Top Songs With blonde In The Title
You must admit, blonde is an attractive color. And not just the color, blonde women are considered to be more attractive than women with black, brown, and red-haired women, for reasons that are unknown to me. Our list features songs with ‘blonde’ in the title. Let’s look at what these artists meant when they used them in their song titles.
1. “Dumb Blonde” by Avril Lavigne (Ft. Nicki Minaj)
Avril Lavigne’s “Dumb Blonde” is almost certainly going to be the first song that comes to anyone’s mind when they are asked to mention songs with blonde in the title.Avril Lavigne and Nicki Minaj’s “Dumb Blonde” is a song about women’s liberation. Lavigne has two main attitudes with this song.
First, she is unafraid to put her talents to good use, no matter who might be threatened by them. The second is to not conform to preconceived notions about her based on how she seems to the outside world.
Some individuals take the stereotype of a dumb blonde very seriously, despite its obvious comedic potential. Those with blonde hair are stereotyped as being both more attractive and less clever than women with darker hair. Avril, a natural blonde, has had to endure this kind of stupidity.
2. “Blonde” by Maisie Peters
It’s important to know that Maisie Peters is not a natural blonde person. What is being argued here, though, is that, well, let’s say that, in the context of American pop culture, blonde women are often perceived to be sexier than ladies of other hair hues. Maisie herself has indirectly admitted as much when explaining the context of this work.
Or, as she expressed it, the lyrics represent, at their core, an earnest attempt to boost one’s sense of worth. For this purpose, the lead singer has lightened her hair color to blonde.
But what’s going on is that Peters is using this song as a revenge fantasy. The singer would be her ex-boyfriend, as was hinted. There’s evidence to suggest that he dumped Maisie after failing to properly appreciate her while he had her.
Again, the singer’s decision to color her hair after undergoing such treatment is part of a larger endeavor to improve her physical appearance, which also includes losing “a couple of inches” off her waist. The objective is to make herself so desirable to others, especially the ex’s friends, that the recipient will come to regret letting her go.
3. “Suicide Blonde” by INXS
Kylie Minogue, who was dating Michael at the time, served as inspiration for the song’s title. She lied about dying her hair “suicide blonde” for a film when all she meant was that she was going to do it herself.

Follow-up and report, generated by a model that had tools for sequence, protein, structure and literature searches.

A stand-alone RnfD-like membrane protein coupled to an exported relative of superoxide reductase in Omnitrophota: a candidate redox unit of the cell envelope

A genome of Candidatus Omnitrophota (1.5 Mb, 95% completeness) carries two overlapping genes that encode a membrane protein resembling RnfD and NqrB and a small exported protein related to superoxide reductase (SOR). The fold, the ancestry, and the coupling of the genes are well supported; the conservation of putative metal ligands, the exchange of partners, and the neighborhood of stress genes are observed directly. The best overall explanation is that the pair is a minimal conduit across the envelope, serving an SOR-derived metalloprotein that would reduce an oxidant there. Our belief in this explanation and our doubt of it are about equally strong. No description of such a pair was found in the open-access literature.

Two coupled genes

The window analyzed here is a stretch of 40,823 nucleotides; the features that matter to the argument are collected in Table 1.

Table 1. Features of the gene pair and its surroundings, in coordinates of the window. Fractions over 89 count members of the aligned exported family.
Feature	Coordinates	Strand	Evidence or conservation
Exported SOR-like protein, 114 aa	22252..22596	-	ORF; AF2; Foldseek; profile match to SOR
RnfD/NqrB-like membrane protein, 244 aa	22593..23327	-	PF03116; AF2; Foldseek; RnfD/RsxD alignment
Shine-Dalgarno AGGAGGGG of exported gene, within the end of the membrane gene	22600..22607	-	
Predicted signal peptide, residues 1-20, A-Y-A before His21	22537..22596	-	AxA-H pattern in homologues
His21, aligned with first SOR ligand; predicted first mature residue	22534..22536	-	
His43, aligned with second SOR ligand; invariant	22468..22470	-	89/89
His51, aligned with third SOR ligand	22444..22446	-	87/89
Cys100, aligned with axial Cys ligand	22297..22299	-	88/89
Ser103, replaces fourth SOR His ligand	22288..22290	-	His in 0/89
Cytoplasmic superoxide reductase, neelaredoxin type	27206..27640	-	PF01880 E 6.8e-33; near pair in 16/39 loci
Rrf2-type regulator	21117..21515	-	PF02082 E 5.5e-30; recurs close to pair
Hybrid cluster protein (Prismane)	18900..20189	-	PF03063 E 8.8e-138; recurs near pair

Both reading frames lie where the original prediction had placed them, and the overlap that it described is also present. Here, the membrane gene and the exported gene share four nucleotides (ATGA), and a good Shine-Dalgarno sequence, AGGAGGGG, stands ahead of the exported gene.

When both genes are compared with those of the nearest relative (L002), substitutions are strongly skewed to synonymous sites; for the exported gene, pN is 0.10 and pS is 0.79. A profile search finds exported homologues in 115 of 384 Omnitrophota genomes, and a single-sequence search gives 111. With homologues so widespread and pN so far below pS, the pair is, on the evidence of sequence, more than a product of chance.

Michael found the adage to be particularly appealing, and he later adapted it into a fantastic pop song. To put any thoughts of suicide out of your head, the song is not about that.
The only explanation I have is that the song is about their relationship; and boy, were they a strange couple. Michael’s picture was a little rogue, whereas Kylie’s was relatively spotless.
The band’s musical focus in this song shifts somewhat toward electronic elements. Charlie Musselwhite has a fantastic blues harmonica solo on the recording, although he didn’t perform it live. He then played the sample into Andrew’s synthesizer so they could sample it.
The drumming of Jon Farriss became more electronic and danceable, reminiscent of acid house. I like their willingness to take risks and experience new things. Michael, as usual, delivers a terrific performance, elevating the song to the level of excitement warranted by its rhythm. This song always makes me want to get up and dance. And I’ll be honest with you: I have no rhythm.
4. “Blonde Over Blue” by Billy Joel
You may listen to “Blonde Over Blue” on River of Dreams over and over again and yet hear something new because it is so diverse and engaging. After watching the documentary Shades of Grey, which chronicles the making of this and other songs from River of Dreams, I found a whole new level of love for the tune.
The chorus washes over you with a flood of electric guitars, and the beat is intricate and layered. Billy has stated that he was thinking of Roy Orbison when he wrote the song, and the “blonde over blue” chorus is a nod to Orbison’s unique warble.
Despite numerous disagreements regarding the song’s creation, Billy, producer Danny Kortchmar, and his bandmates created something truly original with this track (see video below). Zack Alford shreds on the drums in the live recording featured in the Shades of Grey documentary. However, despite being, maybe, the album’s best song (perhaps alongside “Famous Last Words”), it gained almost no broadcast or acclaim.